Finding pretty plants that bloom in the shade can be quite a challenge! The garden in the front of our house faces north, so it gets very little direct sun except at the peak of summer. As a result, most plants become scraggly or die. I could replace them all with boring green hostas and ferns, but I desperately wanted to fill the front of the house with beautiful flowers for maximum curb appeal. Before spending a ton of money on new plants that might not make it through the summer, I did some research to find the best ones for this tricky area.
This post contains affiliate links. See my disclosures page for more information.
The White Giant calla lily planted by the previous owner was the only thing that thrived in this garden bed. These tropical-looking flowering plants grew over 4 feet tall with flowers as big as my hand! I need to come up with a sort of structural support system for the flower stems because they tend to get top heavy and droop when they reach their maximum height. I split the big plant into three smaller ones and planted them at the back of the garden, so they can cover the foundation with their thick foliage.
Himayalan Sweetbox is a winter blooming evergreen shrub that grows to only 18″ tall, but spreads out to 3 feet. It has a beautiful fragrance when the little white flowers are in bloom. I planted a group of these at the corner of our concrete front steps to soften the hard edges and give us a whiff of spring in late winter.
If you want to add some color to your shade garden in the colder months, hellebore is the perfect choice. These beauties bloom in late winter or early spring, and come in a variety of colors. We don’t get snow here in Seattle, so I’m looking forward to seeing these flowers pop up every year in February to remind me that spring is coming. A row of these are going in front of the calla lilies so the garden doesn’t look so bare in the winter.
Begonias are another beautiful shade-loving flower that comes in lots of bright colors. The double bloom variety resembles roses, but you would never find a rose in the shade! Begonias grow very well in containers. I planted a few in our front porch planter, and by July it was growing like crazy!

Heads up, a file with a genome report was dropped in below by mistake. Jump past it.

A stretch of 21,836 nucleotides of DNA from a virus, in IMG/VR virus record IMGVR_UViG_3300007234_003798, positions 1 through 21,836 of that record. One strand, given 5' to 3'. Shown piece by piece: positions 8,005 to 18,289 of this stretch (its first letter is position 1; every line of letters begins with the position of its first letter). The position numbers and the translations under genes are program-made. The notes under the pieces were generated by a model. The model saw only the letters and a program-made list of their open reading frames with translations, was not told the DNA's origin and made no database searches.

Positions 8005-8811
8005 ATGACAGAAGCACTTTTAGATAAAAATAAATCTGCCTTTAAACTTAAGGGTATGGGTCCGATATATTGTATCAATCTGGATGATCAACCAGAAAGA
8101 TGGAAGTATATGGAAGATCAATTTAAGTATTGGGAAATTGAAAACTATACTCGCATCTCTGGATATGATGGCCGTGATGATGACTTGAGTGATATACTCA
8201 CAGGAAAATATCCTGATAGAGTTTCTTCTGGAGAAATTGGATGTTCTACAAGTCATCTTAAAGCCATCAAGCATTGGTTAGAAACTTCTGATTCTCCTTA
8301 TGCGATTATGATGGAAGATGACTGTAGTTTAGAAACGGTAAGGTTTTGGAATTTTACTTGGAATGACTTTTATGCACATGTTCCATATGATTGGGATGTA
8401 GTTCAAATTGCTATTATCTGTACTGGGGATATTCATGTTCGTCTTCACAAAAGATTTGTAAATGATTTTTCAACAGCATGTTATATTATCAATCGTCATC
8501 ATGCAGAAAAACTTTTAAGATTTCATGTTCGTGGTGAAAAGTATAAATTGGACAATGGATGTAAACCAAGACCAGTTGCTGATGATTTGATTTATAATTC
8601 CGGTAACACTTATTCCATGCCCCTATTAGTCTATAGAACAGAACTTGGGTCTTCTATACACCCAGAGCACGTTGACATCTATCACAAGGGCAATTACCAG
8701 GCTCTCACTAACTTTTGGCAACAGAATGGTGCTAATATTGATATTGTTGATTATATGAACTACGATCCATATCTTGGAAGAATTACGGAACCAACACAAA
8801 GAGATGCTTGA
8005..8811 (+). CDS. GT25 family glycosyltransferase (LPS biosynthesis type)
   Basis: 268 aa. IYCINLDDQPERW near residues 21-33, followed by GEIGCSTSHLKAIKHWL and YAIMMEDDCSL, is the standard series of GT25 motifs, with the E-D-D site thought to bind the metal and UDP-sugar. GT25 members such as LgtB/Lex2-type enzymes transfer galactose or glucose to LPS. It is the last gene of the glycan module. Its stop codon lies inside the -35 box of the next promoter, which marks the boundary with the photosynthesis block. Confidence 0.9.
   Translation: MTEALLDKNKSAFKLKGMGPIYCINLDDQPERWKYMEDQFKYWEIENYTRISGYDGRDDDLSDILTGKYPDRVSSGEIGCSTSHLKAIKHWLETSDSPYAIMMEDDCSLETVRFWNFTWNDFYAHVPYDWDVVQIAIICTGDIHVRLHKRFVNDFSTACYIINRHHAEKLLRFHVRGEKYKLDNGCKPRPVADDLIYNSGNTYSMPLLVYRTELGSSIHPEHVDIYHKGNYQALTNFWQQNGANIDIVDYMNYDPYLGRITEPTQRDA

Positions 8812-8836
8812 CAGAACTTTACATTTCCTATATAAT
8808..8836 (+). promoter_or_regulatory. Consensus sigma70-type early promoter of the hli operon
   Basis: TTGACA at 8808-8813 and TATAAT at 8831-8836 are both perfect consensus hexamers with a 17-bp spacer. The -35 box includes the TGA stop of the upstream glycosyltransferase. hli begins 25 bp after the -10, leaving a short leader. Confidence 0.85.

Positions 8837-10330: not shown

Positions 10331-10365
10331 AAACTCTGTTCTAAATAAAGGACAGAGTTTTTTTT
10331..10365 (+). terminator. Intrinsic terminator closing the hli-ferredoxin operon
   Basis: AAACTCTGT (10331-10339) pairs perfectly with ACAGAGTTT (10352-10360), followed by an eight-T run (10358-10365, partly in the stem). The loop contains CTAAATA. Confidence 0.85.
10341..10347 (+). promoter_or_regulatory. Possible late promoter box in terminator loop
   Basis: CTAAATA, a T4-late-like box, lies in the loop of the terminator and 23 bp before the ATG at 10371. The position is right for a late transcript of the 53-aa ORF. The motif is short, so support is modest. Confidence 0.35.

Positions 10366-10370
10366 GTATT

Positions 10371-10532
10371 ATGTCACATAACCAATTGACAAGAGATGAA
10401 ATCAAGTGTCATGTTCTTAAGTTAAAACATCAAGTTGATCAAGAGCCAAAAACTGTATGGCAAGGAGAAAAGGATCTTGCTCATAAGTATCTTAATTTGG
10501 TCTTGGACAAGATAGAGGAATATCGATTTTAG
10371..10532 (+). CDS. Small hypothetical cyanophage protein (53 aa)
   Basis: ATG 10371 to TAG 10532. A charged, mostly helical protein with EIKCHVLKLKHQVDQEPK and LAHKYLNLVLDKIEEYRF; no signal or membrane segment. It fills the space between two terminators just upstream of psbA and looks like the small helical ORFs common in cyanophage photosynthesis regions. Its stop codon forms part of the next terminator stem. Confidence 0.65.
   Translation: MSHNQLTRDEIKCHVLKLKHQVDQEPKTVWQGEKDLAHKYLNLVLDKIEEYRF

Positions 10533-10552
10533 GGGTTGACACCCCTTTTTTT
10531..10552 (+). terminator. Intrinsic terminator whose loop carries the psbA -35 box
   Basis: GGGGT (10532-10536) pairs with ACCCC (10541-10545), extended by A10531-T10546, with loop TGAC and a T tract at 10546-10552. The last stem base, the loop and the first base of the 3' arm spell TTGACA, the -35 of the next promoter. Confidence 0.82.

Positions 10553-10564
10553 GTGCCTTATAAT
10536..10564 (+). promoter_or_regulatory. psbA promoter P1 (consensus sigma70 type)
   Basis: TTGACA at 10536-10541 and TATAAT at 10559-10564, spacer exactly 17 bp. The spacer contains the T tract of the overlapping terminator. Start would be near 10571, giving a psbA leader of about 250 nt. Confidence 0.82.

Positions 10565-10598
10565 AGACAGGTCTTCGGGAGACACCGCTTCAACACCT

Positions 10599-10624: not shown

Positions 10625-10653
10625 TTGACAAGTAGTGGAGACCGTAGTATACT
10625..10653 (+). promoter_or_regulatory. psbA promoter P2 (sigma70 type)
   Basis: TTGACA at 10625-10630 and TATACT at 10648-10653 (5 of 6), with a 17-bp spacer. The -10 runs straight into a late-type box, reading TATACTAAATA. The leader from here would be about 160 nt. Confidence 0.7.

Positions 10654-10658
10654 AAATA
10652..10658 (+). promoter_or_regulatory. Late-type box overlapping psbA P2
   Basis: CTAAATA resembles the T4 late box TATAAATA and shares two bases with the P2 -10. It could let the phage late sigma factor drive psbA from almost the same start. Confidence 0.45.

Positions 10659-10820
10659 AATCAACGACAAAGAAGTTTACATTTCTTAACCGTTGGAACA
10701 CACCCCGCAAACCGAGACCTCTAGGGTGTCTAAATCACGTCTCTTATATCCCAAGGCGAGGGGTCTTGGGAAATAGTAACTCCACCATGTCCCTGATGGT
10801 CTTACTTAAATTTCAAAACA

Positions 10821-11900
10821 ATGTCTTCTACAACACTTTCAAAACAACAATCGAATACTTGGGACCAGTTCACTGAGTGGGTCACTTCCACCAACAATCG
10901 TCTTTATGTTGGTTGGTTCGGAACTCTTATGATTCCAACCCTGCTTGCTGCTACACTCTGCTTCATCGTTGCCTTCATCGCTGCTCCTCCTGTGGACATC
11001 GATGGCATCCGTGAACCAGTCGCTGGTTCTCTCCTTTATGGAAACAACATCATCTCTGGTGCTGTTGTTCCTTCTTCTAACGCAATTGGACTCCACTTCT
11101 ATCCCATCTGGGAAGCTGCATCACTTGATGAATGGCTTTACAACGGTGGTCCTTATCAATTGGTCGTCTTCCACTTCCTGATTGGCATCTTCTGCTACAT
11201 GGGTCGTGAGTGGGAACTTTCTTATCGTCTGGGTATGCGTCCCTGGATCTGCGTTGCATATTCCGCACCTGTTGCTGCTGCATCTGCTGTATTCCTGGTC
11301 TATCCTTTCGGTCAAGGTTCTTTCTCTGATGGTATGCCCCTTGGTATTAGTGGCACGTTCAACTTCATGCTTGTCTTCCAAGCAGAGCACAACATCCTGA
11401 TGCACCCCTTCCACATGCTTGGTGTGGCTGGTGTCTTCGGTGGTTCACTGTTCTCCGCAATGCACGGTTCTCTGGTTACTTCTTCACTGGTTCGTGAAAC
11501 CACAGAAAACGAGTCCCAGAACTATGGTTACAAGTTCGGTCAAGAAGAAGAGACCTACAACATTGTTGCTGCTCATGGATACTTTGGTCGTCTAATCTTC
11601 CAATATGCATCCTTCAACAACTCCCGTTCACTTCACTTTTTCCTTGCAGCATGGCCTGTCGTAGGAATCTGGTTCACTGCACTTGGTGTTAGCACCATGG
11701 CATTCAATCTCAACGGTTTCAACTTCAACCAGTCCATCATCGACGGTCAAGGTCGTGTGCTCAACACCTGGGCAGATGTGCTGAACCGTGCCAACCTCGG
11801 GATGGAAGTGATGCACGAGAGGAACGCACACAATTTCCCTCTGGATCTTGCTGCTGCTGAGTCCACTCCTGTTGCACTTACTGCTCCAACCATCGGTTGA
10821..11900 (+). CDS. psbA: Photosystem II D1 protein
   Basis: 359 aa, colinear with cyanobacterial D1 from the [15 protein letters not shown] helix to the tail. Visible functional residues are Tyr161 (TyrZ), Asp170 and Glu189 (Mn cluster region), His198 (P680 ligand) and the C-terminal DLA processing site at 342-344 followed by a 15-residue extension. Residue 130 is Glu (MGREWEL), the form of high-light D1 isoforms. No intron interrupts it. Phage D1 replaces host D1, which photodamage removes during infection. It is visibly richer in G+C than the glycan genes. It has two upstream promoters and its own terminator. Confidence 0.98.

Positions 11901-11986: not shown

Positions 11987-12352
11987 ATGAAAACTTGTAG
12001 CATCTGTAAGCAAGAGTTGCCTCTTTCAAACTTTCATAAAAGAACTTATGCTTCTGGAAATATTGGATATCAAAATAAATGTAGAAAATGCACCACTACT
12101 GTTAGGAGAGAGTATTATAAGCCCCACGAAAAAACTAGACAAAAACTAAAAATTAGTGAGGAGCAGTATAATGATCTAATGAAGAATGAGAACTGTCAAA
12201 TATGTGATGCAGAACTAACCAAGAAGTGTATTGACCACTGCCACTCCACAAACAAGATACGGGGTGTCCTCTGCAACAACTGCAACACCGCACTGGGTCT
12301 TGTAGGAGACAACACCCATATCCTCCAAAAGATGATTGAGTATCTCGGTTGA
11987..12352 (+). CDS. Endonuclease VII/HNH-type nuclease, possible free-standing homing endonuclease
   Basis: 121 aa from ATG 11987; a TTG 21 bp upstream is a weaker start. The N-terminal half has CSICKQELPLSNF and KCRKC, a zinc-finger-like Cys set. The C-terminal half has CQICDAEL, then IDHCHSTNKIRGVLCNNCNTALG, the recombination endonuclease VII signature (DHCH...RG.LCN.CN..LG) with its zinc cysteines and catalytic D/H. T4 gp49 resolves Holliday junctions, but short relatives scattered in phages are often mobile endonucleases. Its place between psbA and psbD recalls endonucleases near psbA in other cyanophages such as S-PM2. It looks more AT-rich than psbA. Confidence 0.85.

Fuchsia is an exotic looking shade plant that is great for hanging containers. The drooping flowers also make great “spiller” in a larger container. I planted fuchsia in the same container as the begonias you see above. Some of the longer stems are staked upright, while others are allowed to gracefully hang from the edges of the container. This combination is a winner!
Impatiens would be great as a border plant in a shade garden. You can plant these little gems close together to create a solid band of color at the front of the flower bed, and they will continue to bloom from spring until frost.
Creeping Myrtle is an evergreen ground cover that sprouts little purpley-blue flowers in spring. I planted these under a tree that provides a lot of shade in the summer last year, and they’re filling in that empty space nicely. I’ve read that these can get a little crazy spreading through your garden, so make sure to trim them back if they start growing where you don’t want them to go.
All this talk about flowers makes me want to get out there and get my hands dirty! Too bad the forecast for the next week is nothing but rain, rain, rain. We had a few sunny days last week, and I managed to get the winter and early spring plants in the ground. The begonias and impatiens are on order and will arrive when the time is right to plant them. I’m really looking forward to having some beautiful color in front of the house, and I no longer need to worry about whether the plants are getting enough sun!
Want more DIY projects?
Subscribe to get project ideas, home improvement tips, woodworking plans and more delivered straight to your inbox!